Williams's precipitates Brick's revelation through a device introduced earlier, the off-stage telephone. Here the phone call is a call from the dead, evoking Skipper's final confession to his friend. As Brick confesses, he refused him. Thus Daddy delivers his final diagnosis, that Brick is disgusted with his own mendacity. He dug his friend's grave rather than face the truth, a truth that even now Brick would assign exclusively to Skipper.
While Daddy's diagnosis rings true, it also sounds suspiciously familiar. In some sense, it is almost one of those pat conclusions against which Williams warns in the stage notes. Though Daddy certainly plays judge here, he does not speak from an "objective" position, from the position according to which we can determine the "moral" of the play. His diagnosis is also implicated in the psychological drama unfolding before us. It does not speak from some place outside the play, commenting impartially on the action.
Thus note how Daddy's diagnosis strangely repeats his own remark to himself in Act II, where he murmurs in disgust over the mendacity in his staying with Big Mama for forty years. Here he projects this disgust onto his son:"You!" he cries accusingly. Already we have noted the numerous manifestations of Daddy's narcissistic investment in his son. Their final exchange makes explicit the men's mirror relation and particular through the complementary interplay of the "you"s and "me"s they find themselves screaming throughout this scene.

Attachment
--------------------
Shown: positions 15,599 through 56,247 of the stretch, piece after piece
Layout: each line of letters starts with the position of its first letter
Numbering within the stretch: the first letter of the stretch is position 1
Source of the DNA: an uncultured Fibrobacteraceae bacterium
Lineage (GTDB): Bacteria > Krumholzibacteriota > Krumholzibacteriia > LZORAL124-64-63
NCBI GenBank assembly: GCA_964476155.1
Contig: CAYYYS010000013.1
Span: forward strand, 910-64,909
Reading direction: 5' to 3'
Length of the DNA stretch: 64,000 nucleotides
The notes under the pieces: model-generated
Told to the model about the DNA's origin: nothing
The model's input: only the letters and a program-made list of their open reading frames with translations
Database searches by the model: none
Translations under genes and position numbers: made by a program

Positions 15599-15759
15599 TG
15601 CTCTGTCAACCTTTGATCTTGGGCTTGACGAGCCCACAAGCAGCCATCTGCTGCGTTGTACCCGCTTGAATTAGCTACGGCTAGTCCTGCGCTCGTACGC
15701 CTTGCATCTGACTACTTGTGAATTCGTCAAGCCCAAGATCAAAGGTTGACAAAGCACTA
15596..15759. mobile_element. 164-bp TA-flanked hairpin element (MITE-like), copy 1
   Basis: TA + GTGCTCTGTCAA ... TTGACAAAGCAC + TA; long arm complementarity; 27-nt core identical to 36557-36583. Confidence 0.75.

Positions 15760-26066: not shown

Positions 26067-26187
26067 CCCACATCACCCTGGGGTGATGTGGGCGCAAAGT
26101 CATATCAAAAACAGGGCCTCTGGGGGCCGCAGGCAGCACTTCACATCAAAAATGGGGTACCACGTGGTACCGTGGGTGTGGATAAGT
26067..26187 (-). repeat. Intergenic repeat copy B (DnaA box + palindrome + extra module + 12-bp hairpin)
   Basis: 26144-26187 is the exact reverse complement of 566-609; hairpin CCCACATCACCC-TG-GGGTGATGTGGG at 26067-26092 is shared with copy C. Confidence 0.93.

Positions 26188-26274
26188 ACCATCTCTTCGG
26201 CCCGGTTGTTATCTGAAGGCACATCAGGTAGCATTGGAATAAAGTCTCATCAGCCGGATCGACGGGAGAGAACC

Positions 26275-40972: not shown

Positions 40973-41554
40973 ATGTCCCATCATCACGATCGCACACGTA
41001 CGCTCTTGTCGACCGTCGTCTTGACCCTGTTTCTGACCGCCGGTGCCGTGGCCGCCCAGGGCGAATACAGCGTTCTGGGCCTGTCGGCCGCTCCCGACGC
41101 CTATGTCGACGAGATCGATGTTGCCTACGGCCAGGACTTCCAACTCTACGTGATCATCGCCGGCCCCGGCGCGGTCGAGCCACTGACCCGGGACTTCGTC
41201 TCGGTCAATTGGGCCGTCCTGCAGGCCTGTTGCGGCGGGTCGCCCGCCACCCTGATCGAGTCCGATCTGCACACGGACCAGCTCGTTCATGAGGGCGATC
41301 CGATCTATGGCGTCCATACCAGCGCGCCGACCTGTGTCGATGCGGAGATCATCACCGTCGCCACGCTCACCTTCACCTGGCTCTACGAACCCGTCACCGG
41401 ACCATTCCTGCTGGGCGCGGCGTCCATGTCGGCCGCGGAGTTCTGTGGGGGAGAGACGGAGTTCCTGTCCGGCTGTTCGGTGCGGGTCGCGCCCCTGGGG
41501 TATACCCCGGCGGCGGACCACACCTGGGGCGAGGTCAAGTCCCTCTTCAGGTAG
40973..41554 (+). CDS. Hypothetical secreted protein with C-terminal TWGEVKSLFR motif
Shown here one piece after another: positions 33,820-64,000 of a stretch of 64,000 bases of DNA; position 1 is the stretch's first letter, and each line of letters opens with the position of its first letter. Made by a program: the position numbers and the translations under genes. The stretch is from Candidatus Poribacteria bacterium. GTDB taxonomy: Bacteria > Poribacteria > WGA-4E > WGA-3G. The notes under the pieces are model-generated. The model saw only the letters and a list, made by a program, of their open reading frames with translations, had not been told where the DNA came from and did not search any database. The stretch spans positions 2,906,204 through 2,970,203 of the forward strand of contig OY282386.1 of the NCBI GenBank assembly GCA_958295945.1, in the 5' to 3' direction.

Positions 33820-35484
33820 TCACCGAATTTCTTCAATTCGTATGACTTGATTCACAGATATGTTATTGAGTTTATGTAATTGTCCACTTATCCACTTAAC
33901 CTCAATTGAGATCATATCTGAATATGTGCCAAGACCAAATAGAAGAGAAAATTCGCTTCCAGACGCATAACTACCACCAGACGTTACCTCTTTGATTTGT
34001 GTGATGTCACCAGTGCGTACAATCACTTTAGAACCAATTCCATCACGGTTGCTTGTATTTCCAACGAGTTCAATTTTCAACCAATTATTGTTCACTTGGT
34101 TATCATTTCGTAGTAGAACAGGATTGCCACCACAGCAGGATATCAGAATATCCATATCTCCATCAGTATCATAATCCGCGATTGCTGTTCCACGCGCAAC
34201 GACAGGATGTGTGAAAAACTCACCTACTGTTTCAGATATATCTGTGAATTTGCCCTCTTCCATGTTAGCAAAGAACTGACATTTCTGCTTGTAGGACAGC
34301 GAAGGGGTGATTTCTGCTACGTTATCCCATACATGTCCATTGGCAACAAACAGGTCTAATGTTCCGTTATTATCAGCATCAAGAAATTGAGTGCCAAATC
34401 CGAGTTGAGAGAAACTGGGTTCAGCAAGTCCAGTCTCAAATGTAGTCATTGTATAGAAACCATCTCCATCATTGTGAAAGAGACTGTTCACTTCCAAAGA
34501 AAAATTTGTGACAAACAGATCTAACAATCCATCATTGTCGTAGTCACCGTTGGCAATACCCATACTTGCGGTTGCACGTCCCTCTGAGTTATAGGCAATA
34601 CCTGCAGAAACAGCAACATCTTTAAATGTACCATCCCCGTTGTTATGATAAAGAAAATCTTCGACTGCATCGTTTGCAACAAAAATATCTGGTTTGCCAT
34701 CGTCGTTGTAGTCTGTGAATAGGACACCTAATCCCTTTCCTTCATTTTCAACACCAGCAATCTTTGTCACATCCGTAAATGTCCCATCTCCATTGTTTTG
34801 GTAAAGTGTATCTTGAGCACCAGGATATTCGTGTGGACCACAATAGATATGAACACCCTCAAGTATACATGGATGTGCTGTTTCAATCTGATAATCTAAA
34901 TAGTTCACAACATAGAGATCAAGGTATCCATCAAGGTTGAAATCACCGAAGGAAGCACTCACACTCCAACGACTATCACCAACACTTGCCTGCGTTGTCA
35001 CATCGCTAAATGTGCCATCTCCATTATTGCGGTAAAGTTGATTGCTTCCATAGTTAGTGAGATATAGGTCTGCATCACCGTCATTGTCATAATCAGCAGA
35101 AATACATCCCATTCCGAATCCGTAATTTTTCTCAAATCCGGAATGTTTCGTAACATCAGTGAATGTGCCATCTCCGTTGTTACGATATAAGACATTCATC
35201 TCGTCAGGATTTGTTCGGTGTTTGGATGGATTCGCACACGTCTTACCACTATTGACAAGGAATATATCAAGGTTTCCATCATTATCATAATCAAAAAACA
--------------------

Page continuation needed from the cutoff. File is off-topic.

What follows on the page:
Thus Brick matches the revelation of his repressed desire with that of Daddy's death. Here the telephone almost embodies and voices Daddy's inner protest: "no, no, you got it all wrong! Upside down! Are you crazy?" The screeching child interrupts anew, both marking the violent revelation of the repressed and symbolizing Daddy's death itself. Daddy bellows in rage, denouncing the "lying dying liars" that surround him. The bawling child serves as another ventriloquism of his anguish.
Thus father and son figure as doubles in their roles as revealer and recipient of the other's inadmissible thing. Like Daddy's sojourn in "death's country," Brick's being "almost not alive" makes him "accidentally truthful." They present themselves as the only ones in the cast who have never lied to each other. Both stand on polar limits of the system of mendacity that is life. Note here how Brick's pronouncement on mendacity also echoes Daddy's, Brick being the drunkard and Daddy the dead man.
In telling Daddy of his death, Brick has staged a reversal, turned things "upside down," and now Daddy stands in the place he just occupied. It is a violent act, robbing Daddy of his second life. As Brick almost gratuitously declares upon his second exit, emphasizing the duality of the exchange that has just ensued: "You told me! I told you!"